Police and fire scan

Police and fire scan

December 02, 1990

CRIME RATE DROPPING

WESTMINSTER - Carroll's crime rate for the first nine months of 1990 dropped 13 percent, state police report.

The decrease in violent and non-violent crimes locally was in sharp contrast to statewide statistics, which showed a 6 percent increase in all crimes and an 11 percent increase in violent crimes.

First Sgt. Stephen Reynolds said that while he regards the decrease in crime as good news for the state police, he thinks Carroll residents deserve a lot of the credit.

"When you consider that in Frederick County -- an adjoining county to Carroll with a similar population -- had a 14 percent increase in crime, that leads you to believe the community programs in place here must be effective," said Reynolds.

The report, released by the Maryland Uniform Crime Reporting Program, showed the largest decreases in Carroll were in aggravated assaults, which dropped by 33 percent, and in robberies, which were reduced by 25 percent.

Carroll's crime rate reduction was the third-largest in the state, according to the report. Calvert County had an 18 percent drop and Dorchester saw a reduction of 19 percent.

According to the Uniform Crime Report for 1989, Carroll crime that year was up 6 percent over 1988.

FIRE RULED ACCIDENTAL

WOODBINE -- State fire officials said Friday that a fire in the 7700 block of Woodbine Road, which caused $60,000 damage to an auto shop, was caused by an electrical failure in the power supply leading to the business.

Deputy State Fire Marshal Bob Thomas said the two-alarm blaze in the shop, owned by Sam Ladden of Silver Spring, was accidental.

Fire companies from Winfield, Sykesville, Mount Airy, New Windsor, Gamber, Westminster and Reese responded to the fire, which began at 10:17 a.m. Tuesday.

The Carroll fire companies were assisted by Lisbon and West Friendship of Howard County and Damascus of Montgomery County.

It took about 60 firefighters about one hour to bring the blaze under control, said Thomas.

Thomas said the 1 -story, wood frame building was used as an auto repair business with a storage area on the upper level.

Westminster firefighter Charles Freyman was taken to Carroll County General Hospital after the blaze, where he was treated for heat exhaustion and released.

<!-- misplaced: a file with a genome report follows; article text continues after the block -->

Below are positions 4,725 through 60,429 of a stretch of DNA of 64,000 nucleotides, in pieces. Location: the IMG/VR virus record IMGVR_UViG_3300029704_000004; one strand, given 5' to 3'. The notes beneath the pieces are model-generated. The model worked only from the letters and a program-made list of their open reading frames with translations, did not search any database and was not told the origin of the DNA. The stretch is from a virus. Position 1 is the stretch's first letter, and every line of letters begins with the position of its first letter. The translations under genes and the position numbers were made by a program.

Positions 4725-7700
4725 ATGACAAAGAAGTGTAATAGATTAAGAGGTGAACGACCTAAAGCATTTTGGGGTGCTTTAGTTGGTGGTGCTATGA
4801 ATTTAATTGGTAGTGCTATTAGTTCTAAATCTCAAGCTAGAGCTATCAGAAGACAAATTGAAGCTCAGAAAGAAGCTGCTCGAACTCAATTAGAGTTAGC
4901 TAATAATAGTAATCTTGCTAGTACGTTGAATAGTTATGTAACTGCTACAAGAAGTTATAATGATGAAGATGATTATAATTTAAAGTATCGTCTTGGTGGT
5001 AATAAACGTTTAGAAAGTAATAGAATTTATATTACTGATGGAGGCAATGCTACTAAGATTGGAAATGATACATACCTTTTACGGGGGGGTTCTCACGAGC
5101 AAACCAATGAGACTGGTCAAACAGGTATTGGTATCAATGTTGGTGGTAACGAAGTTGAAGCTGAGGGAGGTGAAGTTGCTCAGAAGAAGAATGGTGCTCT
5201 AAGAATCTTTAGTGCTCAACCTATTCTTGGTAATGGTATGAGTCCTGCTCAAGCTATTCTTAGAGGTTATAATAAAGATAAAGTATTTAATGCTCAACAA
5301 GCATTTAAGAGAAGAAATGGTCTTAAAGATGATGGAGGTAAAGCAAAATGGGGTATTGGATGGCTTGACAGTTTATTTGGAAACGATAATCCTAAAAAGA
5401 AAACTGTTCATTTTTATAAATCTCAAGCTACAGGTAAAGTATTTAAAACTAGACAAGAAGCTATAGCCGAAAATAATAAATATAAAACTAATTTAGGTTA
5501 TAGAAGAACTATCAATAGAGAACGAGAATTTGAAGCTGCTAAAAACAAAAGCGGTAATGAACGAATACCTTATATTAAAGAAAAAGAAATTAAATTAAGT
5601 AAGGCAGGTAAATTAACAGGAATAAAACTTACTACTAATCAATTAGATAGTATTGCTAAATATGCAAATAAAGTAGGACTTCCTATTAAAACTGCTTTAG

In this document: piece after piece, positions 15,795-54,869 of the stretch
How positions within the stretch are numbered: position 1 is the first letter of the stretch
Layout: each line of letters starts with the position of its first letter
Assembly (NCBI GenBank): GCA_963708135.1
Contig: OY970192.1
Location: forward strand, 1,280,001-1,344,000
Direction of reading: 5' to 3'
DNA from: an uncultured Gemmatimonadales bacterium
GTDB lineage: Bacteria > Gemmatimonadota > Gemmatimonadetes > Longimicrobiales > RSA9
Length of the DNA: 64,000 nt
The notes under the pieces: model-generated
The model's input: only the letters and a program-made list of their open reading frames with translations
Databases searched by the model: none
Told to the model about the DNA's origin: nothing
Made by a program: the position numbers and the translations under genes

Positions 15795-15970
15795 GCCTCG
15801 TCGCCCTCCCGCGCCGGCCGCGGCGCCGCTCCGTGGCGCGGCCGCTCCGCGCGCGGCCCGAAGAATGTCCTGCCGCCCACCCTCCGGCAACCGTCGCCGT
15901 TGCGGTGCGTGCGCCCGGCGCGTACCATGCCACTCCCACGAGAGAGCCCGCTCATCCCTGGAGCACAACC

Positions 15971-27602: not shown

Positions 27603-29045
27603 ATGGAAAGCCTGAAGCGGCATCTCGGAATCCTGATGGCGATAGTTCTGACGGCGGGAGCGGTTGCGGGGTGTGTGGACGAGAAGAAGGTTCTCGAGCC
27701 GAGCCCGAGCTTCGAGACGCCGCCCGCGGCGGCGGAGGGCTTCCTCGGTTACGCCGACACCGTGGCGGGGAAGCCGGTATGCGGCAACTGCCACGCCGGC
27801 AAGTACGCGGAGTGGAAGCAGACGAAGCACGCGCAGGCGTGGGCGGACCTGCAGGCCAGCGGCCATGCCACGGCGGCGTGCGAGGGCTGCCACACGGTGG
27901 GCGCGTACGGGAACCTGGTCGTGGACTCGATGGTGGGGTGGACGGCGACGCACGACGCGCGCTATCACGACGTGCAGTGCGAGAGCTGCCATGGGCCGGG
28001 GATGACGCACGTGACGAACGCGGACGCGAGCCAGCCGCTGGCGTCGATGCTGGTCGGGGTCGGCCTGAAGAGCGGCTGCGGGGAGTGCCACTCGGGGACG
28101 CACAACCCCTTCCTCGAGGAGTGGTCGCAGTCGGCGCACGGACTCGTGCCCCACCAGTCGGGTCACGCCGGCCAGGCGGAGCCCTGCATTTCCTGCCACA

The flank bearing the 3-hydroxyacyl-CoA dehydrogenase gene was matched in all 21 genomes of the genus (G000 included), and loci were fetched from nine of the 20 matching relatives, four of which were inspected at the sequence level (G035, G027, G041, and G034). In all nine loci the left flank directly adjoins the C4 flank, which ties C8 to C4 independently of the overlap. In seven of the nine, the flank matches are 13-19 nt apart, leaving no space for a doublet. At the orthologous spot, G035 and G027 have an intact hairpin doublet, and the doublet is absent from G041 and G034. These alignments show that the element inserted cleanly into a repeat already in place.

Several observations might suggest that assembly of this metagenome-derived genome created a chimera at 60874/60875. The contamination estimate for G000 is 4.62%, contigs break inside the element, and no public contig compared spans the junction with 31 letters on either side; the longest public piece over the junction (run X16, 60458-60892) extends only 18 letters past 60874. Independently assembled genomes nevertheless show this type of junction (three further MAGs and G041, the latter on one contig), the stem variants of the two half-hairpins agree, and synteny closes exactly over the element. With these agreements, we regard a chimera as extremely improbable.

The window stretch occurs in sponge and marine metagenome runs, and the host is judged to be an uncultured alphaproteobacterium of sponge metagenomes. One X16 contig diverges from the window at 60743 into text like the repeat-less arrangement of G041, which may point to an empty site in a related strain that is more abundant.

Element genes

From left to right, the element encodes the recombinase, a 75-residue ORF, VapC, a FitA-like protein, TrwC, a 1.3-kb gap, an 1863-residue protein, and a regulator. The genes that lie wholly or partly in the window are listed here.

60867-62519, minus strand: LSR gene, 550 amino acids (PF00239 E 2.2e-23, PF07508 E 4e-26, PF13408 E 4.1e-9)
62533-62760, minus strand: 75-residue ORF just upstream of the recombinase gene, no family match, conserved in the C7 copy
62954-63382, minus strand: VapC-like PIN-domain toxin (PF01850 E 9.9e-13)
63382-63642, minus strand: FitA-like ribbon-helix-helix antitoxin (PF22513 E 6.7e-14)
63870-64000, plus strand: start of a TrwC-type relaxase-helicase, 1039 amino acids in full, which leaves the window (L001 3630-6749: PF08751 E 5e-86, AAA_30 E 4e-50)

The fire closed Woodbine Road for two hours.

POLICE SEEKING SUSPECT

State police in Westminster are searching for a suspect in the kidnapping and rape of a woman near Codorus State Park in Hanover, Pa.

Police said the suspect kidnapped the woman in Manchester around midnight Nov. 11 and drove her to the park, where he sexually assaulted her.

The suspect is a white male in his late 30s, about 6 feet tall and 180 pounds, the police report said.

He has long brown hair tied in a ponytail and a short beard, the victim told police.

The suspect also had a half-inch tattoo of a star on his left cheek and a scar across his chest, police said.

Police said that at the time of the attack, the suspect was driving a dark-colored, two-door compact car with push-button controls. The car had a red interior and a cassette player with an equalizer mounted under the -- board.

The suspect appeared to be familiar with Carroll County and Hanover County, Pa., and police believe he may reside in those areas.

Anyone with information about the identity of the suspect is asked to call Tfc. Robert Lipsky at the Westminster barracks at 876-2101.

DAY-CARE CRACKDOWN ON

WESTMINSTER -- Officials at the Carroll State's Attorney's Office are continuing their crackdown on unregistered county day-care homes.

Representatives of the county Office of Child Care Licensing, along with State's Attorney's office investigator Bill Dugan, are making surprise visits on homes they suspect are unregistered.

Dugan said eight unregistered day-care homes were closed down in the first two weeks of November.

He said the operators of the majority of the homes shut down since the crackdown began several months ago have complied with the day-care regulations.

When the homes are shut down, Dugan said, their owners are given a warning and are urged to register.

"Some honestly don't realize they have to be licensed, so when you warn them, they will comply," said Dugan.

Dugan said only one day-care operator, Janet Fritz of Manchester, has been prosecuted so far. She received a $1,000 fine.

He said the fine for operating an illegal day-care center is $500 for each time the law is broken after the warning.

County officials estimate that up to 2,000 children may be in unregistered day care.

FIRE HITS MOBILE HOME

DETOUR -- A mobile home fire early Thursday morning displaced a 60-year-old Middleburg Road resident, fire officials said.

Ray Herbert Fanning was not at home when the 12:31 a.m. blaze broke out, Deputy State Fire Marshal Bob Thomas said.

Thomas said the fire was caused by an electrical extension cord in a bedroom.

The blaze, which caused about $25,000 in damage, was brought under control by 45 firefighters in about 20 minutes.

MAN SENTENCED FOR CRACK

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